“It requires huge self-regulation to contemplate and open our minds to apprehend the edges of these massive issues,” said neuroscientist Sarah Peyton, author of “Your Resonant Self.” This would include climate change, the pandemic, the economy, who we were pre-Covid-19 and who we are now becoming. “No wonder people get their fuses blown: being asked to take action, mourn, engage, with something so big.”
When anxiety or being overwhelmed hits, we can move outside of our “window of tolerance.” Siegel describes this “window” as the optimal zone of arousal where we are able to manage and thrive in everyday life, despite the ups and downs. On the one end, when stressed we can go into a “rigid” response, which may look like despair or depression, or a more “chaotic” mode of agitation and rage. Often we ricochet between, bouncing around based on how well we can cope with these stressors.
here are many things we can do — individually, socially and collectively — to move us into our window of tolerance. We are all doing them every day: walking, playing with our pets, cooking meals, joking around with our friends. We can also try calming practices like deep breathing and meditation known to powerfully change our stress levels. And, what truly helps us all, is our ability to open up, be honest, and have candid, compassionate conversations with those who feel similarly or who are open to listening.
Many of us are afraid that we’ll get pulled down into a black hole if we call out pain, guilt and shame that arises when we recognize that we are responsible for some big things going wrong, and that we are now reaping what we’ve sown. But in fact, it’s exactly the opposite.
Compassionately naming our emotions actively decreases activity in the amygdala, as cognitive scientist Golnaz Tabibnia and her team have discovered in their groundbreaking work. Or what Siegel calls “name it to tame it.”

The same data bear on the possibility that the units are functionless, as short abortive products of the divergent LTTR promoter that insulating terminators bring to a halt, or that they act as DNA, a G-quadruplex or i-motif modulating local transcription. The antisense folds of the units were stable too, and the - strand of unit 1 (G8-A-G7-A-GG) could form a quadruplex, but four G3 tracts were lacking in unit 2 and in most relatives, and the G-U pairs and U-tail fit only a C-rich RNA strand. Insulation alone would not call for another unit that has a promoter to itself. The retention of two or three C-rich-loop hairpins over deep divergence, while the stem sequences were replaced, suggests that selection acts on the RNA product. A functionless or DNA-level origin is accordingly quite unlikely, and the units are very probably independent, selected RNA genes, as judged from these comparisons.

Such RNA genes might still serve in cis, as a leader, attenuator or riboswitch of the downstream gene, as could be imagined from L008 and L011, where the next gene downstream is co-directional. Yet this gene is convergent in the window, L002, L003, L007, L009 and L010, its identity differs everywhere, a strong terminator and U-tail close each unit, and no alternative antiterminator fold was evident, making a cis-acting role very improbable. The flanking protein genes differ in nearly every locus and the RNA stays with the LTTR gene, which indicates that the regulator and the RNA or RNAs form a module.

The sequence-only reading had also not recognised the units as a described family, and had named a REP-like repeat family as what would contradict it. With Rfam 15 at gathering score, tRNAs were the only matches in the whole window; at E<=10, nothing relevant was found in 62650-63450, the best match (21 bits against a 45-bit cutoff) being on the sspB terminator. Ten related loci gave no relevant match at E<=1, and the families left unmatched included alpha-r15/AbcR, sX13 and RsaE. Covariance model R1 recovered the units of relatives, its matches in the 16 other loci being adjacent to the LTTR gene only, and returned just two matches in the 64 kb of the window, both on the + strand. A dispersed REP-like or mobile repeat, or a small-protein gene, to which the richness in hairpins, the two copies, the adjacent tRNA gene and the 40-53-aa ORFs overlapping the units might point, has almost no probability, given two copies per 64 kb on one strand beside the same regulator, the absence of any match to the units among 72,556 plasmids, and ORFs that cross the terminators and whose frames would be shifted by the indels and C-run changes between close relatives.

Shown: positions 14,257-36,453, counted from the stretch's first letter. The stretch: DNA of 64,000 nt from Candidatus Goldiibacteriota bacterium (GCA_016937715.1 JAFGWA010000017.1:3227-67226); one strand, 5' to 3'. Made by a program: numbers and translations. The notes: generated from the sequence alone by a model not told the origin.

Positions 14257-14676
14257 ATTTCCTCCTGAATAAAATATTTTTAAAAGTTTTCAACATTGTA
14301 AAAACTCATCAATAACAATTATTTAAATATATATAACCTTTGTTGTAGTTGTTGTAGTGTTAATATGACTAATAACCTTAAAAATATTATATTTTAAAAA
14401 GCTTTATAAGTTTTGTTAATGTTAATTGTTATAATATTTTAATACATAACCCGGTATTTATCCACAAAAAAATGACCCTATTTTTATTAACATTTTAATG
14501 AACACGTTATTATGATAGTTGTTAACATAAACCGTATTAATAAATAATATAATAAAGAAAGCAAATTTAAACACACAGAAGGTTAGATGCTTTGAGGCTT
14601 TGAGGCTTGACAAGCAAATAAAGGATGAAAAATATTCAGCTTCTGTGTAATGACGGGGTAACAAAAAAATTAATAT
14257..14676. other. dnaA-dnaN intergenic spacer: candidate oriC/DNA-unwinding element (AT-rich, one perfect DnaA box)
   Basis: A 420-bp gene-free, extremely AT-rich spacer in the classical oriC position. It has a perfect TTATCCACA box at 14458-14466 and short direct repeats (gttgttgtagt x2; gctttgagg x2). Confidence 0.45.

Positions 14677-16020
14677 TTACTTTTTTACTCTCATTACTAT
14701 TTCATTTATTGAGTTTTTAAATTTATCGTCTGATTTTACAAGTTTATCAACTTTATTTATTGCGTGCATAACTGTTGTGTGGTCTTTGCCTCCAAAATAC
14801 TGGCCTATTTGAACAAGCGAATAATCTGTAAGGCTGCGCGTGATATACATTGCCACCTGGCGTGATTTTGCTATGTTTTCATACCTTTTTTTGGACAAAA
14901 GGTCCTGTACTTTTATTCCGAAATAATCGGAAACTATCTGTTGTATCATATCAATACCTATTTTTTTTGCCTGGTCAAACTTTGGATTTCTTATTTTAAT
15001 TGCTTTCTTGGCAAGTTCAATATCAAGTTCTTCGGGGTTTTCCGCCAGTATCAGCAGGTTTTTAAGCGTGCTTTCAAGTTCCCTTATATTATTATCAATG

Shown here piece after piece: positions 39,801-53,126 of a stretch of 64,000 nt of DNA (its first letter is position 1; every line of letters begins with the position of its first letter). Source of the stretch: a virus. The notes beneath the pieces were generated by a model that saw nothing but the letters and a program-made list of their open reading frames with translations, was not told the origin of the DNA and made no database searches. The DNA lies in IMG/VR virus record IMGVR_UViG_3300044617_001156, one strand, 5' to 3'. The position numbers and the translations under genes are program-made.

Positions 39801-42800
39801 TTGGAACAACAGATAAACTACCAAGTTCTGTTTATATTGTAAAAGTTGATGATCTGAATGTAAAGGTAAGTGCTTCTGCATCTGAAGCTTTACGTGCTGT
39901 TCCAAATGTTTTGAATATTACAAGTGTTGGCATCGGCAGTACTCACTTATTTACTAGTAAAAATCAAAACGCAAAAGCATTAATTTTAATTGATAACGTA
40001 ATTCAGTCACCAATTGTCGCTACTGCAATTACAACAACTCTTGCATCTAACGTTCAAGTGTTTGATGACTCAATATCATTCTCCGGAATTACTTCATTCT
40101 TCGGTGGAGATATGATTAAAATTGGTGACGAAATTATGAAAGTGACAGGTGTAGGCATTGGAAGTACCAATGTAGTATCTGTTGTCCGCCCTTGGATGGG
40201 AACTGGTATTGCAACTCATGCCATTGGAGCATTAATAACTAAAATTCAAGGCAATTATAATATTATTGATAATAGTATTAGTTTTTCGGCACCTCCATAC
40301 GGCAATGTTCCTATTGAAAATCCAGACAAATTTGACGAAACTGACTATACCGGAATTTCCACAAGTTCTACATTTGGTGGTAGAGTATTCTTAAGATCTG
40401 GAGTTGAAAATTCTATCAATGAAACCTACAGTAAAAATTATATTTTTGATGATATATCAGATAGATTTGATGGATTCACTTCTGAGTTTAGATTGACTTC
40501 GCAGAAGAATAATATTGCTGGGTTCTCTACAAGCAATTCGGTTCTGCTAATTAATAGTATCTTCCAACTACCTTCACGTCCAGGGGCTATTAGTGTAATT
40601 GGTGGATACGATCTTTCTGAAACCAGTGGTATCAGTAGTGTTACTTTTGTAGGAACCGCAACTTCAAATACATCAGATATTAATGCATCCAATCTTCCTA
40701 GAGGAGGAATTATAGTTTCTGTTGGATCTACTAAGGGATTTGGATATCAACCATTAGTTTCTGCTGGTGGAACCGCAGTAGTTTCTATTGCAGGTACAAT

Each of us need to support this kind of public global climate conversation. And it starts with, “of course.”
Of course you feel sad. Of course you have anxiety and are waking up at night. Of course you are worried about your kids and family. Of course you feel deep concern for all of humanity right now. Of course you feel angry but are not sure why. Of course you are wondering where leadership is. Of course you are grieving for the losses that are happening and will continue. Of course you feel energized to show up as fully as you can. Of course you care.
Saying “of course” to ourselves, first, and to each other as a regular practice, gives us permission to show up as our full, effective selves by first acknowledging the validity, complexity and intensity of the feelings. When leaders, influencers and each of us does this, we are saying, “You are not alone. I am here with you. Let’s figure this out together.”
What this looks like in practice — whether in UN meetings, your online conversations, news coverage or a presidential candidate debate stage — is having the courage and bravery to actively acknowledge and affirm what many are feeling but not giving voice to.
Of course this is a terrifying moment. These issues seem intractable and overwhelming. Of course it’s hard to even contemplate. Of course no one wants this to be happening, and everyone wishes it wasn’t.
The bottom line is that we are all so much more capable of showing up as our most active, hard-working, brilliant, creative, loving and generous selves, when our experience is being part of something bigger than ourselves. That we are not alone — which at this moment we are most certainly, clearly not. When we feel that we matter, our voices and experiences count — no matter how messy or complicated or dark or hopeful. We can all help each other, and our beautiful and suffering planet right now, by starting with saying to one person or a whole cast of thousands, “Of course you feel that way.” Of course. SOURCE

Renée Lertzman Ph.D. is a climate psychologist, researcher and strategist, focusing on individual and collective action on our climate and environmental crises.